A Non-Fact and Some Implications

I ran across this bizarre article by William Lane Craig that P.Z. Myers absolutely destroys from a biological standpoint. What's interesting, as a philosophy student, is that Craig commits himself to something really problematic in his conditional claims about the animal brain. The claim that I'm concerned with is this one:

"[E]ven though animals like dogs, cats, and horses experience pain, nevertheless the evidence is that they do not experience level (3), the awareness that they are in pain. For the awareness that one is oneself in pain requires self-awareness, which is centered in the pre-frontal cortex of the braina section of the brain which is missing in all animals except for the humanoid primates. Thus, amazingly, even though animals may experience pain, they are not aware of being in pain.

Let's clear up a few things, first, before addressing the claim that I actually find interesting:

(1) As PZ points out, the claim that "the PFC is missing in all animals except humanoid primates" is just false.

(2) While many speculate (myself included) that the PFC is a necessary structure for self-representation, this is not really definitive, and many are still skeptical of the claim that it is necessary, given (particularly) developmental neuroconstructivist arguments about brain-plasticity.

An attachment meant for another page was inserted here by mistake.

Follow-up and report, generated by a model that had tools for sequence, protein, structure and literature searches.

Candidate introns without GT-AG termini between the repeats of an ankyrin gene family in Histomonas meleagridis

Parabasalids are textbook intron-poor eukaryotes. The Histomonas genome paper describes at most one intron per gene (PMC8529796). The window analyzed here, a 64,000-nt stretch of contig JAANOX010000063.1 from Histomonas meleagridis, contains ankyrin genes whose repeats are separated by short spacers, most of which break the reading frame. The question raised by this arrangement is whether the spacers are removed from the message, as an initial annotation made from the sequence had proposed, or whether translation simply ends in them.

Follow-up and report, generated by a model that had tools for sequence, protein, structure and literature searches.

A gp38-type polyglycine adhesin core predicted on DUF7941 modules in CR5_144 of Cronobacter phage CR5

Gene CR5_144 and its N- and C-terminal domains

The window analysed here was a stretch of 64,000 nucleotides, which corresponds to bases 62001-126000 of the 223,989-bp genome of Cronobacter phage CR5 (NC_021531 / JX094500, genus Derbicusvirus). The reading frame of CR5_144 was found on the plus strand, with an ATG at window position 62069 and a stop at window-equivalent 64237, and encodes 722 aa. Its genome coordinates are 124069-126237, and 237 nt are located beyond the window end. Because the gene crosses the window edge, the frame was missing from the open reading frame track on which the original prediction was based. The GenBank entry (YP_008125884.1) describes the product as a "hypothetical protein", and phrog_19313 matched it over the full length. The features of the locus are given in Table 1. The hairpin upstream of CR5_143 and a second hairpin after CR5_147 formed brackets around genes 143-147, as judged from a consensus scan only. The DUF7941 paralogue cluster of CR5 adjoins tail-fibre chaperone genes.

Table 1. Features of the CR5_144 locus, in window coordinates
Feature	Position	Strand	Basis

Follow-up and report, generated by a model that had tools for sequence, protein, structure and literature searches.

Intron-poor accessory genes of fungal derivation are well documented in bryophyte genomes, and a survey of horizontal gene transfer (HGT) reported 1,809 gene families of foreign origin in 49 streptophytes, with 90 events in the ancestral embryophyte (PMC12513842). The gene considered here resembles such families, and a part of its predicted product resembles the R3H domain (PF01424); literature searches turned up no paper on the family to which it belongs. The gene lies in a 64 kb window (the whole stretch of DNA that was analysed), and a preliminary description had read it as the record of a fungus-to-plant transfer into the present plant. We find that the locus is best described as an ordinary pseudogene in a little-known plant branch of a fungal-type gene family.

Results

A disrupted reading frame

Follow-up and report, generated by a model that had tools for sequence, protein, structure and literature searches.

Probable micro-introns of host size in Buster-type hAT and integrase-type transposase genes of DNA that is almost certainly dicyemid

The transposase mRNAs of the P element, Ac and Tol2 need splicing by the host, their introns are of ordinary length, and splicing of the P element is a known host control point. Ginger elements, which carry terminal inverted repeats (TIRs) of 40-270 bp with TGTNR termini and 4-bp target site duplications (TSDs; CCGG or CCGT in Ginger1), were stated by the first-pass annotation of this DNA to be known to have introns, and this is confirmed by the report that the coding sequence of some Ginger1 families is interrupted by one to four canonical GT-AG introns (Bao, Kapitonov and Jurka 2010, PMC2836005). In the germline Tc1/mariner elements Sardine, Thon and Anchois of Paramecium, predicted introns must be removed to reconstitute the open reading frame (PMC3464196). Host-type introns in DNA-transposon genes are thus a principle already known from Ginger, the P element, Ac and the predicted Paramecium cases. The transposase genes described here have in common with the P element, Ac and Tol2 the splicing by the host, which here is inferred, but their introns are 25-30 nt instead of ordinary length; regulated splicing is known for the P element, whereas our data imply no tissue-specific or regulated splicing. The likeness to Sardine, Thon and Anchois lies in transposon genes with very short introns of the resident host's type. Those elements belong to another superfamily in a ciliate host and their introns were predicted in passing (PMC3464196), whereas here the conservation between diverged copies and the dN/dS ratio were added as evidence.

(1) is way more interesting than (2), for most people. It's pretty bizarre that Craig would print a claim that is demonstrably false and not defensible in the least, and then rest his entire argument on that claim, as he does in the article.

But what I think is way more interesting is what Craig commits himself to.

Craig is committing himself to the counterfactual claim that:

C1: The pre-frontal cortex is a necessary condition for self-representation.

Craig has actually just rejected Cartesian dualism (and neo-Cartesian views of the 'soul') in that claim. If you assert that the neurological processes that are involved in self-representation are necessary for the existence of self-representation, then you are rejecting the possibility that something can self-represent without those processes. That's the basic mode.

The problem is that, then, some sort of 'immaterial consciousness' (whether that's a soul or a God) would be logically impossible.

I actually think that a version of this claim is true, and its part of my reason for rejecting many religious claims and claims about things like spirits and demons and so on; my version allows for multiple realizability, and is far more generalized. It looks like: "Some set of physical states of affairs is necessary for the existence of some corresponding mental states."

Of course, Craig can't allow that if he wants to have an immaterial God who can self-represent. He has to stare down the question: Does God then have a prefrontal cortex?
 

What did you think of this article?




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